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The Craftsmanship of Hats

Helen Kaminski Rules Supreme

By Tori Phelps | Photography courtesy of Helen Kaminski

In fashion circles, the Helen Kaminski brand is synonymous with prestige; the highly regarded accessory line is also extremely popular with celebrities. But status is the last thing on the minds of the creatives behind the Australian hat-and-bag company. Their yardstick is quality, and each mark on that yardstick measures whether a piece captures the passion on which the company was founded.

More than thirty years ago, Helen Kaminski handcrafted a raffia hat to protect her children from the searing Australian sun. When that design—the Classic 5—was discovered by a Vogue editor in a country boutique, Kaminski’s eponymous brand hit the charts with a bullet. Today, that once-modest collection of headwear styles has become a global powerhouse lauded for innovation and, of course, quality.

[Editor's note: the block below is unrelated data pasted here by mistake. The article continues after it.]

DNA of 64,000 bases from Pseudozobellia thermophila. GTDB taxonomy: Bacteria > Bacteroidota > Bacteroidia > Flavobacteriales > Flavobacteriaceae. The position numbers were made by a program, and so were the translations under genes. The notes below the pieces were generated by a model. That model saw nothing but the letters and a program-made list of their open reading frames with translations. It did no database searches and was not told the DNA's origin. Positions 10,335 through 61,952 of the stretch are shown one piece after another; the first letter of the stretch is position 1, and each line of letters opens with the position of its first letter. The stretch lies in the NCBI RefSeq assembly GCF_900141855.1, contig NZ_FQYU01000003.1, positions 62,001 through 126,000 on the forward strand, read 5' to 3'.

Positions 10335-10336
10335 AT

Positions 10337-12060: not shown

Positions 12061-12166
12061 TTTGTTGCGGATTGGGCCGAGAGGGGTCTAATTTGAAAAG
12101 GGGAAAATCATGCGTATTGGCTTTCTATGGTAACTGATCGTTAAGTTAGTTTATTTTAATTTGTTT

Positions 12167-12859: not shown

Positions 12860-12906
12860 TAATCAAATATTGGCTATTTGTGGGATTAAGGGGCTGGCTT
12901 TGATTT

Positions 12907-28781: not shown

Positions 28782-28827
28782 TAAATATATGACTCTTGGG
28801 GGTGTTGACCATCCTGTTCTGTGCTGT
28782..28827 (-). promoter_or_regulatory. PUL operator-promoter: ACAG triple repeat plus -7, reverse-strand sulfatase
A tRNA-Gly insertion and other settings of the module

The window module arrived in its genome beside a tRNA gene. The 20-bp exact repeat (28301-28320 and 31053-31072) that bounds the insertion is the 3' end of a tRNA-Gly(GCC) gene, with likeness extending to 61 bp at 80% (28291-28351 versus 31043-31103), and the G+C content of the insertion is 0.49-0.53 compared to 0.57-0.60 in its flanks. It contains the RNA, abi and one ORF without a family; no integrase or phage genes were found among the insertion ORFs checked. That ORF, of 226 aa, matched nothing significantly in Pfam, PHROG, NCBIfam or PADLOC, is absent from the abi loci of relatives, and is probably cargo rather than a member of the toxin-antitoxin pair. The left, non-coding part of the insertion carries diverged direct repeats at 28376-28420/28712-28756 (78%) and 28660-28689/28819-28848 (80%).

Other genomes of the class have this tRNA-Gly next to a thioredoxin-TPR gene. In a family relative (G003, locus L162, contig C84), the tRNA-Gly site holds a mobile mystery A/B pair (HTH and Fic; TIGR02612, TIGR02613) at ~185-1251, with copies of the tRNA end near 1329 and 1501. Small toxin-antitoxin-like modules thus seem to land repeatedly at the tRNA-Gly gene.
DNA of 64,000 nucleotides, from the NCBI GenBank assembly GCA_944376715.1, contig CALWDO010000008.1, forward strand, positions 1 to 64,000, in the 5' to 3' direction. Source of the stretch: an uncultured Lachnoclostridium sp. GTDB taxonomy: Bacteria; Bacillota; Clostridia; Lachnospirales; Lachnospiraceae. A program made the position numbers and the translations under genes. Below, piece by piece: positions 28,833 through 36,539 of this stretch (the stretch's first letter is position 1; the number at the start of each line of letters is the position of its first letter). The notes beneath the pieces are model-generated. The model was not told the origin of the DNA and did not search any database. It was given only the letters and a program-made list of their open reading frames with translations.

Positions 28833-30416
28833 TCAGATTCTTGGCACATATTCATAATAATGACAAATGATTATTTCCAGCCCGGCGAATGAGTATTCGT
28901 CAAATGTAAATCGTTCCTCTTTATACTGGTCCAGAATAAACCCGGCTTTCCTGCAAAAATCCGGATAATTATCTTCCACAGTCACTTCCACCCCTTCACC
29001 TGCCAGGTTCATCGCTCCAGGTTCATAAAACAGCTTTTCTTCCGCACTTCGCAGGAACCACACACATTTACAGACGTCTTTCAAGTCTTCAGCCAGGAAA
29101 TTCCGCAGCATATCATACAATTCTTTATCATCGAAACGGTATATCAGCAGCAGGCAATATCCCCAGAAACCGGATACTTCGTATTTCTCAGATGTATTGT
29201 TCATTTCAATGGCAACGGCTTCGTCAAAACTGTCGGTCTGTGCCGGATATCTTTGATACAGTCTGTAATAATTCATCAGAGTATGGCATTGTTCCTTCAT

At the helm now is creative director Ailsa Roe, a UK native and fashion industry veteran who joined the company in 2009. An accessories fan with a passion for by-hand techniques, Roe found her corporate soul mate in Helen Kaminski, which stands out in a mass-produced, assembly-line world by still doing things the old-fashioned way. “The handcrafted pieces in our collections are expressions of individuality,” Roe says. “No two pieces will ever be exactly the same.”


Helen Kaminski retails in nearly thirty countries across five continents, so the lines are designed to reflect a wide variety of climates and lifestyles. Its winter headwear collections range from cool cottons for warmer year-round climates to water-resistant finishes for autumn months and fine, felted wools and pure cashmere hand knits for cooler climates. The summer collections showcase linens, lightweight cottons, raffia crochets, and raffia braids.